another table, or using "ignoreChar", "ignoreName", "undefChar", "undefName" or
           "rewrite" will prevent this module from using the compiled DUCET.

           If "undef" is passed explicitly as the value for this key, no file is read (but you
           can define collation elements via "entry").

           A typical way to define a collation element table without any file of table:

              $onlyABC = Unicode::Collate->new(
                  table => undef,
                  entry => << 'ENTRIES',
           0061 ; [.0101.0020.0002.0061] # LATIN SMALL LETTER A
           0041 ; [.0101.0020.0008.0041] # LATIN CAPITAL LETTER A
           0062 ; [.0102.0020.0002.0062] # LATIN SMALL LETTER B
           0042 ; [.0102.0020.0008.0042] # LATIN CAPITAL LETTER B
           0063 ; [.0103.0020.0002.0063] # LATIN SMALL LETTER C
           0043 ; [.0103.0020.0008.0043] # LATIN CAPITAL LETTER C
           ENTRIES
               );

           If "ignoreName" or "undefName" is used, character names should be specified as a
           comment (following "#") on each line.

       undefChar
       undefName
           -- see 6.3.3 Reducing the Repertoire, UTS #10.

           Undefines the collation element as if it were unassigned in the "table".  This reduces
           the size of the table.  If an unassigned character appears in the string to be
           collated, the sort key is made from its codepoint as a single-character collation
           element, as it is greater than any other assigned collation elements (in the codepoint
           order among the unassigned characters).  But, it'd be better to ignore characters
           unfamiliar to you and maybe never used.

           Through "undefChar", any character matching "qr/$undefChar/" will be undefined.
           Through "undefName", any character whose name (given in the "table" file as a comment)
           matches "qr/$undefName/" will be undefined.

           ex. Collation weights for beyond-BMP characters are not stored in object:

               undefChar => qr/[^\0-\x{fffd}]/,

       upper_before_lower
           -- see 6.6 Case Comparisons, UTS #10.

           By default, lowercase is before uppercase.  If the parameter is made true, this is
           reversed.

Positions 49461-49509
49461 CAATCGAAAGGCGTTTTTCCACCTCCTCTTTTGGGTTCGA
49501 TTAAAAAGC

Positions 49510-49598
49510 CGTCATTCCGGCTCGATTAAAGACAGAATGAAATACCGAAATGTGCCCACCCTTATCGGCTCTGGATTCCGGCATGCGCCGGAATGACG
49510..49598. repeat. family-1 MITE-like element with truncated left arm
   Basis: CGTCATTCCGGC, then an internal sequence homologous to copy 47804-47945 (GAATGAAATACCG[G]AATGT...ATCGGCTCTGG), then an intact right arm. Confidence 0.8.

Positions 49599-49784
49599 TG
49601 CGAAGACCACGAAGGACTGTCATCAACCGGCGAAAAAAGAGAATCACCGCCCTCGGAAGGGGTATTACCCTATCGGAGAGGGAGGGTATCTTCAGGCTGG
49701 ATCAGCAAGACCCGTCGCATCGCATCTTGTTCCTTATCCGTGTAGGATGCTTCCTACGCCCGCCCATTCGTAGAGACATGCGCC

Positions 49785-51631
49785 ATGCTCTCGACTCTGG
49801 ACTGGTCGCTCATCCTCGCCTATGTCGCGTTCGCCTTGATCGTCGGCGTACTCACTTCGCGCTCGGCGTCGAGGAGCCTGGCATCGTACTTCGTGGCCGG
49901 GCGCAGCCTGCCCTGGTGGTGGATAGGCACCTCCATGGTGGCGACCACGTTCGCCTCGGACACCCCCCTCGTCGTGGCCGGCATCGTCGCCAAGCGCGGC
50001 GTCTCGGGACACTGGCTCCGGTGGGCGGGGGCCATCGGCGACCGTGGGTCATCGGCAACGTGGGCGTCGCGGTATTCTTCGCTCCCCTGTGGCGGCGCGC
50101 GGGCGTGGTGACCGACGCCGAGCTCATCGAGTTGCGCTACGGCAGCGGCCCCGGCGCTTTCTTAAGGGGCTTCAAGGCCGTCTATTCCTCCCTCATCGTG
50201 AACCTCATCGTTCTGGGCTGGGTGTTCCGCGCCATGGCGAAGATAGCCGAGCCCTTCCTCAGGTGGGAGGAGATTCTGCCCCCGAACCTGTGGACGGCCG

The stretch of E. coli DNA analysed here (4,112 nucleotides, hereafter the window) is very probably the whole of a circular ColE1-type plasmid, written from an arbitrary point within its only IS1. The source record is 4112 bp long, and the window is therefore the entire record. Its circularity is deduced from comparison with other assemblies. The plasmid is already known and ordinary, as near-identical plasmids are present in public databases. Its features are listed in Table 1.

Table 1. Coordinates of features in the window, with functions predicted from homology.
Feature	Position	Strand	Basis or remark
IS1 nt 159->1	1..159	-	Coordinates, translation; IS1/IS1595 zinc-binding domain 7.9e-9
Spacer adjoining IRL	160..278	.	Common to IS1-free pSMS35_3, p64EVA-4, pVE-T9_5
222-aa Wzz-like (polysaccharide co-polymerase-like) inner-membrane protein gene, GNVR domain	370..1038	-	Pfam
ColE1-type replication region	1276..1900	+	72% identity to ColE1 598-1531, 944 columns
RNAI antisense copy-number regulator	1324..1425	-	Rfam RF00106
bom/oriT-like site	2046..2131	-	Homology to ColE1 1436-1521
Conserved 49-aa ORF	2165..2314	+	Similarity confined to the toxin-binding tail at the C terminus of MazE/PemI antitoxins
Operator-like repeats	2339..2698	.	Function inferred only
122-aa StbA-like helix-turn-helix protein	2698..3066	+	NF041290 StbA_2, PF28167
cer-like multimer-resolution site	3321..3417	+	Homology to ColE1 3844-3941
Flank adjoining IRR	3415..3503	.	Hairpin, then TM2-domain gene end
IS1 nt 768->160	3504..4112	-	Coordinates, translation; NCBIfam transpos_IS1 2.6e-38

NOTE: This parameter simplemindedly assumes that any lowercase/uppercase distinctions
           must occur in level 3, and their weights at level 3 must be same as those mentioned in
           7.3.1, UTS #10.  If you define your collation elements which differs from this
           requirement, this parameter doesn't work validly.

       variable
           -- see 3.6 Variable Weighting, UTS #10.

           This key allows for variable weighting of variable collation elements, which are
           marked with an ASTERISK in the table (NOTE: Many punctuation marks and symbols are
           variable in allkeys.txt).

              variable => 'blanked', 'non-ignorable', 'shifted', or 'shift-trimmed'.

           These names are case-insensitive.  By default (if specification is omitted), 'shifted'
           is adopted.

              'Blanked'        Variable elements are made ignorable at levels 1 through 3;
                               considered at the 4th level.

              'Non-Ignorable'  Variable elements are not reset to ignorable.

              'Shifted'        Variable elements are made ignorable at levels 1 through 3
                               their level 4 weight is replaced by the old level 1 weight.
                               Level 4 weight for Non-Variable elements is 0xFFFF.

              'Shift-Trimmed'  Same as 'shifted', but all FFFF's at the 4th level
                               are trimmed.

   Methods for Collation
       "@sorted = $Collator->sort(@not_sorted)"
           Sorts a list of strings.

       "$result = $Collator->cmp($a, $b)"
           Returns 1 (when $a is greater than $b) or 0 (when $a is equal to $b) or -1 (when $a is
           less than $b).

       "$result = $Collator->eq($a, $b)"
       "$result = $Collator->ne($a, $b)"
       "$result = $Collator->lt($a, $b)"
       "$result = $Collator->le($a, $b)"
       "$result = $Collator->gt($a, $b)"
       "$result = $Collator->ge($a, $b)"
           They works like the same name operators as theirs.

              eq : whether $a is equal to $b.
              ne : whether $a is not equal to $b.
              lt : whether $a is less than $b.
              le : whether $a is less than $b or equal to $b.
              gt : whether $a is greater than $b.
              ge : whether $a is greater than $b or equal to $b.

       "$sortKey = $Collator->getSortKey($string)"
           -- see 4.3 Form Sort Key, UTS #10.

           Returns a sort key.

           You compare the sort keys using a binary comparison and get the result of the
           comparison of the strings using UCA.

              $Collator->getSortKey($a) cmp $Collator->getSortKey($b)

                 is equivalent to

              $Collator->cmp($a, $b)

       "$sortKeyForm = $Collator->viewSortKey($string)"
           Converts a sorting key into its representation form.  If "UCA_Version" is 8, the
           output is slightly different.

              use Unicode::Collate;
              my $c = Unicode::Collate->new();
              print $c->viewSortKey("Perl"),"\n";

              # output:
              # [0B67 0A65 0B7F 0B03 | 0020 0020 0020 0020 | 0008 0002 0002 0002 | FFFF FFFF FFFF FFFF]